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Rackspace Cloud Essentials - CentOS - Installing vsftpd


Now that you have a working server that is secured and backed up, you'll want to upload your web content to the server. When you think of transferring files, you probably think of the File Transfer Protocol (FTP) because it has been around for so long. While simple to use, FTP has become obsolete because it lacks the ability for secure file transfers.

Instead, we recommend installing and using a secure file transfer mechanism, and we will introduce you to a few of them in this guide.  This article will show you how to install vsftpd (very secure FTP daemon), and will walk you through setting the daemon to work on reboot.


Contents

Setup

Installing the Package

Luckily for us CentOS makes this super easy with the group install available in YUM. No need to search out all the dependencies and added features you might want. Use the following command to install everything you'll need:

sudo yum install vsftpd

Turn on vsftpd

The service command makes life simple in CentOS, here is how you startup vsftpd:

sudo service vsftpd start

Almost done

Wow, that was quick, we've got a working install of vsftpd already on the server. Lets go ahead and make a couple of configuration changes for security and convenience.

Set FTP to start on Boot

The 'chkconfig' tool in CentOS is your friend, you can use this tool to check which services will start on boot and on which run level they'll start with. To get Vsftpd to start on the most common run levels(3,4,5) you can use:

sudo chkconfig vsftpd on

Verify the "on" status by checking the complete chkconfig output:

chkconfig --list

or for specific output

chkconfig --list vsftpd

Config file Changes

The standard vsftpd configuration file and all subsequent files for CentOS will reside in /etc/vsftpd/ the most important being vsftpd.conf. We need to make two changes to this file for security and convenience:

OPEN up /etc/vsftpd/vsftpd.conf in your favorite editor:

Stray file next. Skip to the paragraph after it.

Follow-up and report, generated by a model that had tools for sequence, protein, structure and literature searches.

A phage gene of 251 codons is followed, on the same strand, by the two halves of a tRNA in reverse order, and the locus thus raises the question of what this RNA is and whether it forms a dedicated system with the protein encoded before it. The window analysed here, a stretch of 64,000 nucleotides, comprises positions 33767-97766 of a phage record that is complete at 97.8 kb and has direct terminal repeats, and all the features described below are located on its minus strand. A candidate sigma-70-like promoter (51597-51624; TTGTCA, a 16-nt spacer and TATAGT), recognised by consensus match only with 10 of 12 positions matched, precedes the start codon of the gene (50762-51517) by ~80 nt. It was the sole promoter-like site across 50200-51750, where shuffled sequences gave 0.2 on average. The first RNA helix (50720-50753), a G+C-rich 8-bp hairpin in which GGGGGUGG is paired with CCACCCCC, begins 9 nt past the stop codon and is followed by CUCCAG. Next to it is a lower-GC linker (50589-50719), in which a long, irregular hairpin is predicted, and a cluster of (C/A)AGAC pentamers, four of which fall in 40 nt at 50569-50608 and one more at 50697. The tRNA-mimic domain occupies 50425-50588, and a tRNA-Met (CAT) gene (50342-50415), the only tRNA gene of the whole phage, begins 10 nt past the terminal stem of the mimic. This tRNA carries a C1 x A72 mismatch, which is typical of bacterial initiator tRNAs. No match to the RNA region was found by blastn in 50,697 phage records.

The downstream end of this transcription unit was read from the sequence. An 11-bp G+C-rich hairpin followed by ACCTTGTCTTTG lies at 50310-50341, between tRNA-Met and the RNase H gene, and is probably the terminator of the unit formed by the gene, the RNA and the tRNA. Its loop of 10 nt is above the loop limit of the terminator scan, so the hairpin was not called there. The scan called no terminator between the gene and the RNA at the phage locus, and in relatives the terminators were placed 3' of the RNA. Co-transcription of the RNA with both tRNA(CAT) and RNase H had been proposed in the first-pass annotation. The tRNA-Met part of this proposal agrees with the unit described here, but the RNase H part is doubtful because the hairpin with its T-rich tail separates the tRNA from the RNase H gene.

• Lets disable anonymous FTP, it can be useful for somethings, but if you don't plan to use it turn it off:
Change:
# Allow anonymous FTP? (Beware - allowed by default if you comment this out).
anonymous_enable=YES

to read:

# Allow anonymous FTP? (Beware - allowed by default if you comment this out).
anonymous_enable=NO
  • And lets configure vsftpd to be able to chroot(commonly referred to as jailing or jail) users to their home directories for security and privacy:

Change:

# You may specify an explicit list of local users to chroot() to their home
# directory. If chroot_local_user is YES, then this list becomes a list of
# users to NOT chroot().
chroot_list_enable=YES
# (default follows)
chroot_list_file=/etc/vsftpd/chroot_list

to read:

# You may specify an explicit list of local users to chroot() to their home
# directory. If chroot_local_user is YES, then this list becomes a list of
# users to NOT chroot().
chroot_list_enable=NO
# (default follows)
chroot_list_file=/etc/vsftpd/chroot_list
  • Also, lock down vsftpd to a predictable port range. (By default, vsftpd runs in passive mode and will choose a port between 1024-65535). Add the following:
pasv_min_port=3000
pasv_max_port=3050
  • Finally we need to make sure that users are jailed in their home directory. At the bottom of the file add the following:
chroot_local_user=YES
  • Create the chroot_list file so you do not get an error when restarting:
sudo touch /etc/vsftpd/chroot_list
  • If your server runs CentOS 5.x, open ports in your firewall by running:
iptables -I RH-Firewall-1-INPUT 1 -p tcp --dport 3000:3050 -j ACCEPT
iptables -I RH-Firewall-1-INPUT -m tcp -p tcp --dport 21 -j ACCEPT
  • If your server runs CentOS 6.x, open ports in your firewall by running:
iptables -I INPUT -m tcp -p tcp --dport 21 -j ACCEPT
iptables -I INPUT 1 -p tcp --dport 3000:3050 -j ACCEPT






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